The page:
MRC also argues that its defamation suits cannot constitute an abuse of legal process, because in that case the defamation claims would have to have been made “without reasonable grounds and be obviously unsustainable on their merits”. Whatever underlying motive MRC might have for bringing the defamation cases is irrelevant in terms of law in this situation.
Legal counsel for the mining house points out that when the Supreme Court of Appeal upheld a High Court ruling to reinstate corruption charges against former president Jacob Zuma in 2017, one of the reasons the SCA gave was that the argument that the original Zuma indictment was driven by political intent did not wash.
The SCA held that “the motive behind the prosecution is irrelevant because… the best motive does not cure an otherwise illegal arrest and the worst motive does not render an otherwise legal arrest illegal”.
Even if MRC has an ulterior motive in bringing legal action against its opponents, in other words, it still can’t be stopped from pursuing a defamation case which has intrinsic merit.
Lawyers for the defendants point out, in a duel of case law, that the Constitutional Court has previously held that “there can be no all-encompassing definition of the concept of abuse of process”, but that such an abuse takes place where court procedures intended “to facilitate the pursuit of the truth are used for a purpose extraneous to that objective”.
In another ruling, the SCA also found that if court processes are being used “for ulterior purposes”, it’s the court’s duty to prevent such abuse.
In states in America and Canada, legislation has been passed to prevent SLAPP suits having a chilling effect on public discourse. But South Africa does not yet have specific regulations dealing with SLAPP suits. One remedy that lawyers for the defendants are proposing is that the court develop relevant anti-SLAPP law.
On this matter, they are supported by the Wits University Centre for Applied Legal Studies (CALS), which has joined the case as a friend of the court.
Everyone agrees that SLAPP suits are “complex”. But CALS argues that the court has a “duty” to develop the common law around this issue, while MRC’s lawyers say “it is not open to this court to entertain developing the common law so as to re-formulate the test for an abuse of process by shifting the focus to motive”.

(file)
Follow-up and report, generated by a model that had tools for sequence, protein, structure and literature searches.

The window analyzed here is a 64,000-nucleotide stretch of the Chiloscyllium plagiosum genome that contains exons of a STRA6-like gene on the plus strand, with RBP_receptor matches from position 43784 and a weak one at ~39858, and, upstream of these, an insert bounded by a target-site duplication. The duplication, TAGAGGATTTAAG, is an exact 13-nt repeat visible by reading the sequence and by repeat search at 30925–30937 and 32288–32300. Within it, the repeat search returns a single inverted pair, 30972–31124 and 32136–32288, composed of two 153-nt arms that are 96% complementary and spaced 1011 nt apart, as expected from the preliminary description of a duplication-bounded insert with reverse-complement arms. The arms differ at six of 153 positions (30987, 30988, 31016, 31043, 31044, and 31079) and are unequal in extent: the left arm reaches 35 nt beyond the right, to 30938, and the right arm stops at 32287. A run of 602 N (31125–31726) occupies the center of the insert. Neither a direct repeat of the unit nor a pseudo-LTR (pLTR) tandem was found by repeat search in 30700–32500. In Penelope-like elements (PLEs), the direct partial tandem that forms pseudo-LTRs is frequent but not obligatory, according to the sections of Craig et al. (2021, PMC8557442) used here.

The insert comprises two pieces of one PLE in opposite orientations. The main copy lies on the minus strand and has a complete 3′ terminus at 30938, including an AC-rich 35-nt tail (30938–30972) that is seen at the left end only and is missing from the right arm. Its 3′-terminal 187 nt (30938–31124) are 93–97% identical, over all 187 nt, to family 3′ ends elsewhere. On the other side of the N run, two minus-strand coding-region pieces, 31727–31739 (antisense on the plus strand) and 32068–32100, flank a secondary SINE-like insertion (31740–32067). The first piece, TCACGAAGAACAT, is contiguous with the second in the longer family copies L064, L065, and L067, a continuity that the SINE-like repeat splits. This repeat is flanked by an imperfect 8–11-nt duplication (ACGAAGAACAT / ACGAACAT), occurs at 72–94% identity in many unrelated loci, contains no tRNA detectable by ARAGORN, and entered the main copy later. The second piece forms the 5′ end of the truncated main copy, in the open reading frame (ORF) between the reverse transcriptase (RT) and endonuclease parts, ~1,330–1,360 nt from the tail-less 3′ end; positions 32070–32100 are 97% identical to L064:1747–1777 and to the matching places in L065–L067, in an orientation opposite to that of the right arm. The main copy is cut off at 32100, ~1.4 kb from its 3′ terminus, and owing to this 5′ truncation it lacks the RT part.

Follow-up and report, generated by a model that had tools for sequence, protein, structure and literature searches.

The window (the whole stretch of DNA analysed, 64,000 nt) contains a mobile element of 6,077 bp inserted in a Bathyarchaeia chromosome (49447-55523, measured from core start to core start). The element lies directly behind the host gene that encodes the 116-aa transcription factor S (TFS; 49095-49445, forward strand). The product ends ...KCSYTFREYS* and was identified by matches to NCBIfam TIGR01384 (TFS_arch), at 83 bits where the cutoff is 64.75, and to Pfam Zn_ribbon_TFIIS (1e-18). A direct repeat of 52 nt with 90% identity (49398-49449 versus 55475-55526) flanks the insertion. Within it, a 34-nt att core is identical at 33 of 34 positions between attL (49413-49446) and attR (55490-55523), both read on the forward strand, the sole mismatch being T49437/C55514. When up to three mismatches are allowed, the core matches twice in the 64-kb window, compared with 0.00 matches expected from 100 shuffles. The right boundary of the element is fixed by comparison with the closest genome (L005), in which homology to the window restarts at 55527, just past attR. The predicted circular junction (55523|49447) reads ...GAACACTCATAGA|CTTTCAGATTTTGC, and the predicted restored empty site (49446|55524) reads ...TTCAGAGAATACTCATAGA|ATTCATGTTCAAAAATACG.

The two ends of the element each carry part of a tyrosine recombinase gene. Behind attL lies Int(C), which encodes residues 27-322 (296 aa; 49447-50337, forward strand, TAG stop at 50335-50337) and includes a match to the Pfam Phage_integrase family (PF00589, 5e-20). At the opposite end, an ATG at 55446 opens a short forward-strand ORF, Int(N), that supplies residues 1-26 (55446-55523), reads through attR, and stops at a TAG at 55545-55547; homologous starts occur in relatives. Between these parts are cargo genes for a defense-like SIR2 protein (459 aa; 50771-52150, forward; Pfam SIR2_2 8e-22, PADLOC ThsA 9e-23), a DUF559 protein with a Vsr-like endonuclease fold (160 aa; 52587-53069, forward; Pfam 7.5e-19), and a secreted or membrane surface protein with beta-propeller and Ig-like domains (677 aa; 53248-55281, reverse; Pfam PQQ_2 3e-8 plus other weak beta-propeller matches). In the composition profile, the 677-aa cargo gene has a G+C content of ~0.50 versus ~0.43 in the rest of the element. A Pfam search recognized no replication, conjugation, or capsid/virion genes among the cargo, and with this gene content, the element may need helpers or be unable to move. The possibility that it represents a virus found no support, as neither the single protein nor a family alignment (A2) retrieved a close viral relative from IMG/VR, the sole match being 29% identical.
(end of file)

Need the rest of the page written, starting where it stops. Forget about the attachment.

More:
MRC’s lawyers also contend that this kind of anti-SLAPP regulation internationally has been driven by the legislature rather than the judiciary.
But the defendants say that the same applies to class action lawsuits. Internationally these procedures have normally been developed via legislation, but in South Africa, courts developed the rules and common law to accommodate them.
MRC’s motive in bringing this kind of defamation suit, CALS argues, cannot be considered “an irrelevant legal consideration in our jurisprudence, and particularly in light of these proceedings”.
UCT is the second friend of the court in the matter, because one of the defamation claims – against lawyers Redell and Davies and activist Cloete – was made in the context of a lecture held at the university’s annual Summer School in January 2017. The lecture in which the comments about MRC were made was on the topic of environmental disputes between activists and companies.
UCT says its interest in the matter is one of academic freedom:
“For the academic project to succeed, academics and students must be able to freely exchange ideas. If they fear being sued for defamation for what they say in the classroom, or what they write in journals or textbooks, the academic project will grind to a halt.”
UCT argues that the obligation in South African defamation law for the defendant to establish the truth and public interest in their statements poses “particular difficulty” for academics.
“Meaningful academic speech, by its nature, seeks to establish new truths, not repeat old truths. It lives at the boundary between fact and comment,” the university’s lawyers write.
“The mere risk of being sued will mean that academics will hesitate before inviting activists or practitioners to talk about their experiences in opposing projects by the mining company, and by large corporations generally.”
MRC is asking for the defendants’ two special pleas to be dismissed in advance of the defamation trial. If the defendants succeed, they will be allowed to argue their special pleas in the forthcoming trial. DM
Harrison Ford suffers from a fear of public speaking.